10. The Stone Roses – The Stone Roses
This debut by The Stone Roses is an old fashioned album, full of 1960s influences. This is perhaps unsurprising given it was produced by John Leckie, whose previous efforts include two albums by XTC’s psychedelic alter egos Dukes of Stratosphear. Yet in 1989 when it was released it sounded like the most exciting and different album for years. Decades on and it’s lost none of its energy and is arguably the best album to emerge from the so called ‘baggy’ scene of late 1980s Manchester. Highlights include the indie-dancebility of final track ‘I Am The Resurrection’, ‘Waterfall ‘and its backwards companion piece ‘Don’t Stop’, and ‘She Bangs the Drum’. In an interview with Quietus Leckie, who is the most name checked producer in our Top 100, explains that the album’s success was down to the band’s confidence and open minded approach to making music. “They seemed to have had experience, they were very well rehearsed and they wanted to try lots of things. But they weren’t frightened,” says Leckie.
9. Wilco – Yankee Hotel Foxtrot
After an underwhelming debut with 1995’s AM Jeff Tweedy’s post-Uncle Tupelo band have released a string of brilliant records from 1996’s Being There through to 2009’s Wilco (The Album). Yankee Hotel Foxtrot is the album that demonstrates all that is good about America’s best rock n roll band. Recorded with a line-up that featured the late Jay Bennett, the multi-instrumentalist who would leave the band prior to the albums release (tensions during the recording are brilliantly documented in Sam Jones’ film ‘I Am Trying to Break Your Heart’). The album earned the band the tag of the alt-country Radiohead due to the more experimental production techniques and sounds used by producer Jim O’Rourke. The albums reputation as being challenging is more down to the record labels reaction (and refusal to release it) than it is to the songs themselves. ‘I Am Trying to Break Your Heart’ has a weird feel and an erratic beat and ‘Radio Cure’ has an uncomfortable starkness but most of the record is very accessible and features some of the bands best realised songs. ‘Kamera’, ‘War On War’, ‘I’m The Man That Loves You’ and ‘Heavy Metal Drummer’ are all great catchy tunes that sit comfortably with the more cerebral tracks.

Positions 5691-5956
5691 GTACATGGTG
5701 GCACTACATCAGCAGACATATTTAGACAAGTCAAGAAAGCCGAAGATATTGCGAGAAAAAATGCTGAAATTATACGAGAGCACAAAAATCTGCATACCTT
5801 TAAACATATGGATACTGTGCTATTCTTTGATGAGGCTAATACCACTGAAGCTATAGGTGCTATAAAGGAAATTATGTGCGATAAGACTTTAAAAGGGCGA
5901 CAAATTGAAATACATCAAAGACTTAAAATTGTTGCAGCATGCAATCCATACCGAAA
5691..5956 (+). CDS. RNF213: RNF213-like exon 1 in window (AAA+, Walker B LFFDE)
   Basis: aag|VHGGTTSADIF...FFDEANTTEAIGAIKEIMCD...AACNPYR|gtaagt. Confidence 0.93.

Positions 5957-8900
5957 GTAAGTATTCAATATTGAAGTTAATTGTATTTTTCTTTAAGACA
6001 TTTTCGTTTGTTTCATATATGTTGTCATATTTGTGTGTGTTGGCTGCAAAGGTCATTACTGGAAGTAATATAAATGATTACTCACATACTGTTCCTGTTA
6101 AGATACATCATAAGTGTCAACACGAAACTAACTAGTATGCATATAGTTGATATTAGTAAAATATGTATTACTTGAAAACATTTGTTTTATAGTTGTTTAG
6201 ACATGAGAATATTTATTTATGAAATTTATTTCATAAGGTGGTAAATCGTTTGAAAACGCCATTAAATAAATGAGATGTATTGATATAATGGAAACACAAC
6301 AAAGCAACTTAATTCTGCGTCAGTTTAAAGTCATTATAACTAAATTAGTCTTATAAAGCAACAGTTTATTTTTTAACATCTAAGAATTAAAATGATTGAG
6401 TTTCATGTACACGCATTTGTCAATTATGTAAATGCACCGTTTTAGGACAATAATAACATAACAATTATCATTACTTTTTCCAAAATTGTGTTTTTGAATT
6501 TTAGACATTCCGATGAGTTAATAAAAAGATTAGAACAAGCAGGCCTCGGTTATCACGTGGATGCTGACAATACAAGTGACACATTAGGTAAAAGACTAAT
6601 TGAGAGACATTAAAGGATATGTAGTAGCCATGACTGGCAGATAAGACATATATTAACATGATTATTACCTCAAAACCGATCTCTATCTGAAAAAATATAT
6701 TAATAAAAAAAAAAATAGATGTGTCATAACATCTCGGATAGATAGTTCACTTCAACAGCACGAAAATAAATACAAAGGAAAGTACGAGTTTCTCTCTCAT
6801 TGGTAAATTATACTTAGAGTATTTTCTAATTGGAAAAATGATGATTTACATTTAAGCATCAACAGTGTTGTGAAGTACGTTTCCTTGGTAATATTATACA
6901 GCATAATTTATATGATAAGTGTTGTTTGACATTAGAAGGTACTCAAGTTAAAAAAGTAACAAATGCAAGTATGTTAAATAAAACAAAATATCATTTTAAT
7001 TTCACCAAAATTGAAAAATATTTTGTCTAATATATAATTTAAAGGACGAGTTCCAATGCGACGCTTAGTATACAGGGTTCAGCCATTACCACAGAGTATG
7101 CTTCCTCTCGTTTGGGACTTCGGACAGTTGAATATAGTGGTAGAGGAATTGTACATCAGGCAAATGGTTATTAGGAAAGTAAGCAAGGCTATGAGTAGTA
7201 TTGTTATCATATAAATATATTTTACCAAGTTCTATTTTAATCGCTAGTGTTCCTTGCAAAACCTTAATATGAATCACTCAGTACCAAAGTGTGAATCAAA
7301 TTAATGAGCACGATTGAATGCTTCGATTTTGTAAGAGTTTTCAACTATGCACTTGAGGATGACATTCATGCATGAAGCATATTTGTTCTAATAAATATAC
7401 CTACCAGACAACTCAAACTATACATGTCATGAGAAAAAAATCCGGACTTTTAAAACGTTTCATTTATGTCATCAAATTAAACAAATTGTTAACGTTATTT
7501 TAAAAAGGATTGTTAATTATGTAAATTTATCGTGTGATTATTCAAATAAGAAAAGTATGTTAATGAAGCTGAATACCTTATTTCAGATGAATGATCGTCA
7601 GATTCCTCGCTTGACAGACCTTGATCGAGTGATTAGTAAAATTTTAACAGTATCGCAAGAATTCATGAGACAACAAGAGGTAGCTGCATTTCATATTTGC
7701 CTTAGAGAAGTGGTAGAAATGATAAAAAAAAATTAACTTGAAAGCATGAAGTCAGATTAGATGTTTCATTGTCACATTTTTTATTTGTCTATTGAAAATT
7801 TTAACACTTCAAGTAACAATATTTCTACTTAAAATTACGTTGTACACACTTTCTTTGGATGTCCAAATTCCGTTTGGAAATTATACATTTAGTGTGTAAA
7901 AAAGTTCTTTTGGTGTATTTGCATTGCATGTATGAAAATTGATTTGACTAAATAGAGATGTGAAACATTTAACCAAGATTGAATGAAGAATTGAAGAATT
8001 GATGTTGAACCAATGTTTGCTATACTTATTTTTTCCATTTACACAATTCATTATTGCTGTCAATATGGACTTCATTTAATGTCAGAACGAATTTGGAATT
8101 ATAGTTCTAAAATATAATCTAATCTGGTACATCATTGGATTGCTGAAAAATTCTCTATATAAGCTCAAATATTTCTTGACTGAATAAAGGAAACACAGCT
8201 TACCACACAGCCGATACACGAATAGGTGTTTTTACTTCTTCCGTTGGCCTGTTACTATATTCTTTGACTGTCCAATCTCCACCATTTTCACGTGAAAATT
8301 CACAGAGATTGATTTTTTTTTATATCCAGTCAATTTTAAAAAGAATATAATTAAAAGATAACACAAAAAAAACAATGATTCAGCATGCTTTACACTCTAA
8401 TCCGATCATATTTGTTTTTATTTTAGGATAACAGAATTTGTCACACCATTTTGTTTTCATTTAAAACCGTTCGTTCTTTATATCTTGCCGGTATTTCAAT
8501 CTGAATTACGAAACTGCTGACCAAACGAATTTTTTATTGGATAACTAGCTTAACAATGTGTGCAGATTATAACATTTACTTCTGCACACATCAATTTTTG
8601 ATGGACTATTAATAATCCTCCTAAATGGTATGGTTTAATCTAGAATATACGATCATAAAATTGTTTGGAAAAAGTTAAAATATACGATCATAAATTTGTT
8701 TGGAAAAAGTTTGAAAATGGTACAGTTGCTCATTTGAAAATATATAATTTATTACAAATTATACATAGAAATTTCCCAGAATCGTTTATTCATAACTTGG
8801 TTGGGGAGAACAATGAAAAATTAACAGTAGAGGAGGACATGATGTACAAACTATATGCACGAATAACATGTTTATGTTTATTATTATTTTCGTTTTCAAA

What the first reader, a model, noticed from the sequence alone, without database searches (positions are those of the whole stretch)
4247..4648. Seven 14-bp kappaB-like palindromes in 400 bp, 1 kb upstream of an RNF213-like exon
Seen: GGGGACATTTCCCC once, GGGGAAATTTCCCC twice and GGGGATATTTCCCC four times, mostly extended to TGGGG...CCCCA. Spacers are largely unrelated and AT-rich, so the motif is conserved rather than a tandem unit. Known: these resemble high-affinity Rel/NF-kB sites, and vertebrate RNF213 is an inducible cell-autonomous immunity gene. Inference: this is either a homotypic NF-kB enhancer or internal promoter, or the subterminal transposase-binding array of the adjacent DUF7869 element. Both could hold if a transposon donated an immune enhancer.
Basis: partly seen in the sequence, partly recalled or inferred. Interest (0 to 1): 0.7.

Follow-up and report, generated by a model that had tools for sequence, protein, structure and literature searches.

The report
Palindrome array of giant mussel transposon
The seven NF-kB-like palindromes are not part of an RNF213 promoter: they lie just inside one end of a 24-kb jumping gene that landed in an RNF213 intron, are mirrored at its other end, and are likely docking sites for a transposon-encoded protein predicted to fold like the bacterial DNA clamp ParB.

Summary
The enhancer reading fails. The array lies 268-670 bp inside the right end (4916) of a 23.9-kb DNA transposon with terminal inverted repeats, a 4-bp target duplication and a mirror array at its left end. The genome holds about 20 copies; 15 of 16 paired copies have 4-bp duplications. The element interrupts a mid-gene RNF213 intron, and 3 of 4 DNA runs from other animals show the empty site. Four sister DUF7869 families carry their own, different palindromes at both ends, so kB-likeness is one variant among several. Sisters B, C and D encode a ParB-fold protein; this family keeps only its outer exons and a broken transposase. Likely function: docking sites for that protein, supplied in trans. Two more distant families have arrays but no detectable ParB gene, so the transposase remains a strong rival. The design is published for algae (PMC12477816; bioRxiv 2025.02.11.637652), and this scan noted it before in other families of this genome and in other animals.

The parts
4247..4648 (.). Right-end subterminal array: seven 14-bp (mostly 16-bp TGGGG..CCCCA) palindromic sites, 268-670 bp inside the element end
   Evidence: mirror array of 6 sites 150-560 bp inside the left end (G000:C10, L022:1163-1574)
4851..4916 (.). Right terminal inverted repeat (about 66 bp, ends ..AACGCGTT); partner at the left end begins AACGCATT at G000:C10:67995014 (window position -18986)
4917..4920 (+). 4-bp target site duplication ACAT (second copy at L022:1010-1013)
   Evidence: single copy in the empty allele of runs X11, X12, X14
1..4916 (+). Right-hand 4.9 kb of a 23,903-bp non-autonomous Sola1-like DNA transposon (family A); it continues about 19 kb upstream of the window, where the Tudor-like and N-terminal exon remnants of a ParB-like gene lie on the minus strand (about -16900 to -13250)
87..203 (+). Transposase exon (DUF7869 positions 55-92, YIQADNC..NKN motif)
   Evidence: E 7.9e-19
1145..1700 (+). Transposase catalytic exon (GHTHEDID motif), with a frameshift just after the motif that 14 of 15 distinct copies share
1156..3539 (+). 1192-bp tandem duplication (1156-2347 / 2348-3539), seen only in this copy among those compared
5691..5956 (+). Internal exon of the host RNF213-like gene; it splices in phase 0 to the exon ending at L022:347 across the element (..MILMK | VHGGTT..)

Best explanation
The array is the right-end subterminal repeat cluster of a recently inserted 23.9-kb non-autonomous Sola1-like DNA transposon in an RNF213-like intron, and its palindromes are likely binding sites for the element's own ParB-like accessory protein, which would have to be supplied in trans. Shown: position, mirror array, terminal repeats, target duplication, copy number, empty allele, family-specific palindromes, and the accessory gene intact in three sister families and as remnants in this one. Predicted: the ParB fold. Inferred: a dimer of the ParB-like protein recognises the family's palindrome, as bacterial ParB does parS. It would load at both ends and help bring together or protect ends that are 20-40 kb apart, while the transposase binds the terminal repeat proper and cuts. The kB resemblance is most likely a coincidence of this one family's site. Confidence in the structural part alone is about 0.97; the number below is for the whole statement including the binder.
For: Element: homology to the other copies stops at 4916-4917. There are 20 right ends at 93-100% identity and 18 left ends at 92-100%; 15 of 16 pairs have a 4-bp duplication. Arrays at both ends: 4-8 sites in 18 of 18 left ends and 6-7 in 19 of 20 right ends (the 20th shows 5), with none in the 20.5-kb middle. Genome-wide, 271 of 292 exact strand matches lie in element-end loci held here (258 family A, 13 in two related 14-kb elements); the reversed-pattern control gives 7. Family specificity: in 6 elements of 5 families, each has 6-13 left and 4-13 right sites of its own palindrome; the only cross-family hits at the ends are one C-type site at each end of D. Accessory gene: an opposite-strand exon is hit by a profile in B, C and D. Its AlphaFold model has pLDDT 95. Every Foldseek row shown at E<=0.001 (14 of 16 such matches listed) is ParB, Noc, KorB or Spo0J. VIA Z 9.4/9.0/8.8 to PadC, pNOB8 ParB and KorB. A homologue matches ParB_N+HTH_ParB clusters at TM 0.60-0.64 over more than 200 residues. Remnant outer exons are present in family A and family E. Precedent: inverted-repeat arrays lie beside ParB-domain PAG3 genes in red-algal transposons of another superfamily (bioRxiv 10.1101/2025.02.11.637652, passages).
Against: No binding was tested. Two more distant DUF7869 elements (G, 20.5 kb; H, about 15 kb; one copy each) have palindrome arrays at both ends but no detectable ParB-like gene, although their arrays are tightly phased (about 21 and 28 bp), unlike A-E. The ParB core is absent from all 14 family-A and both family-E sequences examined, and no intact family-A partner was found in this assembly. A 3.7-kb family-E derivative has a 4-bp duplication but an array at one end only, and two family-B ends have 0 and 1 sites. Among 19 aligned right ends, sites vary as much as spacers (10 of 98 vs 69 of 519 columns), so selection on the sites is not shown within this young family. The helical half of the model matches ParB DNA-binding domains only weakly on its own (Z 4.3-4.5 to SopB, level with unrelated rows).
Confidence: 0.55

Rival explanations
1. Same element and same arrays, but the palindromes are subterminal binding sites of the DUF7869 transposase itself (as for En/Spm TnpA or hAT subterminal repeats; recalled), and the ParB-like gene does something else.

8. Guided By Voices – Bee Thousand
Bee Thousand, originally released in 1994, represented a turning point for Robert Pollard’s Guided By Voices. It was intended as the band’s swansong due to the lack of attention and money their previous five albums had garnered. The album was recorded in various basements, rather than the studio, and was primarily the work of Pollard and Tobin Sprout (with various members of the “classic line-up” pitching in). The songs were recorded in just a few takes on to simple 4-track equipment and the rough and ready sound is one of the album’s charms. Guided By Voices albums from this time are an acquired taste, with half formed song snippets sitting alongside rough diamond pop classics like ‘I Am A Scientist’ and ‘Echos Myron’. However, this is all part of the magic formula that makes Bee Thousand so special. There are no songwriters out there like Robert Pollard, no bands like Guided By Voices and no albums like Bee Thousand – this is a pretty special record.
7. The B-52s- The B-52s